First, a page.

Facilities management is a broad term, and if you oversee an office building or other facility, you know that in many ways, the role requires you to be a Jack-of-All-Trades to run things efficiently.
As a facility manager, several specific focuses add up to make a well-run facility. However, the most important of all of these focuses is asset management; examining and caring for the essential components of your property to ensure it works the way it should and serves the people who work there, while also staying on budget.
One of the biggest current trends in facilities management is implementing sustainable practices. Asset management is a critical component of this, as it refers to maintaining the assets in your building; protecting them to extend their lifespan and limit wasteful consumption.
A well-thought-out asset management strategy has the power to optimize the way your building operates, keep costs low, and support your organization’s goals. Here’s what you need to know about facilities asset management.
You may have heard facilities asset management also referred to as lifecycle planning. The goal is to create a working framework for the entire lifespan of your building’s high-value assets; acquiring, operating, maintaining, renewing, and retiring assets—then acquiring new assets to start the cycle again when the time is right.
Managing the physical assets of your facility includes features such as:
This can also include assets like your floors, which have their own lifecycle and need care and maintenance, and from time to time, may also need to be replaced. These require careful maintenance from a commercial cleaning company to keep them in great condition for many years.
Generally speaking, asset management contributes to a more informed management of your facilities, operations, and finances as a whole. It helps you run your building better. Most facility assets fit three criteria. They are:
These assets require proactive, not reactive management. Planning for the entire lifecycle of these assets allows you to anticipate costs, plan proactive maintenance, and minimize the cost to own and use these assets.
For example? Asset management will help you decide if an older air conditioning roof stack that needs repair is worth repairing, or if it’s time to replace it. You can weigh the total cost of ownership while also factoring in things like the life expectancy of the unit, its efficiency, and more.
Shortly after the onset while many folks were working at home, facilities managers were hard at work in the building, prioritizing resources. They needed to decide which systems were critical to safety and required ongoing maintenance.
Additionally, as scientists began to understand more about how the disease spreads, facilities managers needed guidance about how to help keep the people in their buildings safe. The Centers for Disease Control and Prevention (CDC) offered recommendations to mitigate the spread of the disease and help avoid facility-related issues. Facilities managers began reviewing this information to evaluate their needs from a safety standpoint.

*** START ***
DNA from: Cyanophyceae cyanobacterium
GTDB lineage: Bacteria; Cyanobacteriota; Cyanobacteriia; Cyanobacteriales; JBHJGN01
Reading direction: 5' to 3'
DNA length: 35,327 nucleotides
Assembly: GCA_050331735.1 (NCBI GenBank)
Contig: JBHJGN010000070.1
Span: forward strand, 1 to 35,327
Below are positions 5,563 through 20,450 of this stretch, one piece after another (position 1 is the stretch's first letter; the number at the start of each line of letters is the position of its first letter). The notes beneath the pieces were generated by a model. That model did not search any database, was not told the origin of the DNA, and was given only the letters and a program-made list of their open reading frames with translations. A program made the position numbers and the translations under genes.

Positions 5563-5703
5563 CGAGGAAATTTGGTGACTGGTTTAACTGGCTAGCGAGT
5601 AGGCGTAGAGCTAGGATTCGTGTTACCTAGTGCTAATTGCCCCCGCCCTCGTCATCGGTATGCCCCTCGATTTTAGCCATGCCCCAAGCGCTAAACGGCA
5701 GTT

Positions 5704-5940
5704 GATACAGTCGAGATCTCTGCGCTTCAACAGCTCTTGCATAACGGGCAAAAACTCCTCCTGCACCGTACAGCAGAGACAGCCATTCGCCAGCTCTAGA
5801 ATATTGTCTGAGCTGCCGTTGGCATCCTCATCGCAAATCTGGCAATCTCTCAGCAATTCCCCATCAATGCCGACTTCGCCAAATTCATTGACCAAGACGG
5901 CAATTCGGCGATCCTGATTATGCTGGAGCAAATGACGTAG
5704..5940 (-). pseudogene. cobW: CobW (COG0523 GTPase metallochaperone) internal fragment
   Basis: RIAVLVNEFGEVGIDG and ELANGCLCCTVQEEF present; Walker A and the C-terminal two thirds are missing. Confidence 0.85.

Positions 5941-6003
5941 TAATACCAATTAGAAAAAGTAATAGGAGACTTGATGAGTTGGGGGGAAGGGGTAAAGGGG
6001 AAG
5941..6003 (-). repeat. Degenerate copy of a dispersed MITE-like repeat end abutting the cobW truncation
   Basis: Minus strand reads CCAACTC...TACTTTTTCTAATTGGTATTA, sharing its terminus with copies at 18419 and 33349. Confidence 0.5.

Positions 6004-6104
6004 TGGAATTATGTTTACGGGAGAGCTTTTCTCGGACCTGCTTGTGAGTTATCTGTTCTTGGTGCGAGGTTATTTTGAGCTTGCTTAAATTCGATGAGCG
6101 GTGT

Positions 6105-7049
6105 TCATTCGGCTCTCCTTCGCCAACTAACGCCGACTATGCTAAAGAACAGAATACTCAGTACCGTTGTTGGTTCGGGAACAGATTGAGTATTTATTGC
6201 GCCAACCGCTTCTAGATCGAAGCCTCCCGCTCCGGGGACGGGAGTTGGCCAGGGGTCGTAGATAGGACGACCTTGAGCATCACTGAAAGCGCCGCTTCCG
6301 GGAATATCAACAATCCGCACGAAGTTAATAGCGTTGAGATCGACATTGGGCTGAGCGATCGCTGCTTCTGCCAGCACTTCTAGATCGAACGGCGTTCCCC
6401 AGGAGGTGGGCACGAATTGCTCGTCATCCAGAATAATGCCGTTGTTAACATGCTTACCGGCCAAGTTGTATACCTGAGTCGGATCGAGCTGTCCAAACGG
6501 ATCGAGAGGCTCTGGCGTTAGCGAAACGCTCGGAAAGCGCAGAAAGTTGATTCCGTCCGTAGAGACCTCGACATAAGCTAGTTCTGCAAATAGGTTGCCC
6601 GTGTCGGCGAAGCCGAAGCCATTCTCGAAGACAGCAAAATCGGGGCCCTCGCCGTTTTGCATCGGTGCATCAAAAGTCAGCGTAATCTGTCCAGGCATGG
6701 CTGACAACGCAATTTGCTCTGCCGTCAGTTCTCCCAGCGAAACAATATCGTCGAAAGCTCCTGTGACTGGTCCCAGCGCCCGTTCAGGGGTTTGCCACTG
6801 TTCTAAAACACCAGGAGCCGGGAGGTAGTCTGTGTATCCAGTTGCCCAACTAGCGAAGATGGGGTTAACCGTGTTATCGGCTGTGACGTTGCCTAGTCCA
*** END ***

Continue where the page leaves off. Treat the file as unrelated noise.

One important element in the CDC’s recommendations regarded air and ventilation. Facilities managers had to look at the amount of air circulating in their buildings, whether this air was being filtered and how their building’s ventilation systems provided enough circulation and fresh air to keep occupants safe—down to the number of air changes per hour. Some facilities managers opted to replace their entire ventilation and HVAC system, which comes at a significant cost.
Depending on the age and condition of the building, there are several approaches for facilities to help slow the spread of COVID-19. Not every solution is right for every building based on its existing assets. Some air systems had already outlived their useful life and needed replacing, making this an ideal time to switch to a system that offers better ventilation. But this requires construction, downtime, and clean-up. Other newer systems may call for modifications, but based on asset management assessments, it doesn’t make sense to replace them entirely. What is a facilities manager to do?
All Building Cleaning Corp has been working with facilities managers for years, supporting their asset management strategies along the way. Whether it’s related to expert floor care, carpet cleaning, and routine maintenance as part of their commercial building cleaning to extend the life of the floors or ongoing janitorial services that are efficient and affordable, and protect a building’s physical assets, we understand asset management.
Now, in this post-COVID-19 era, we also understand that our role in asset management is more than just commercial office cleaning. If your current asset management strategy does not involve new HVAC or ventilation systems, perhaps it makes more sense to implement regular, thorough disinfection services. Or? If you’re installing new air systems, we also offer post-construction cleaning services to eliminate downtime and get your building back in business quickly.
At All Building Cleaning Corp, we are more than just a reputable office cleaning company. We’ll be your partner in facilities asset management. To learn more, see what our clients have to say by reading their testimonials, then request a quote today.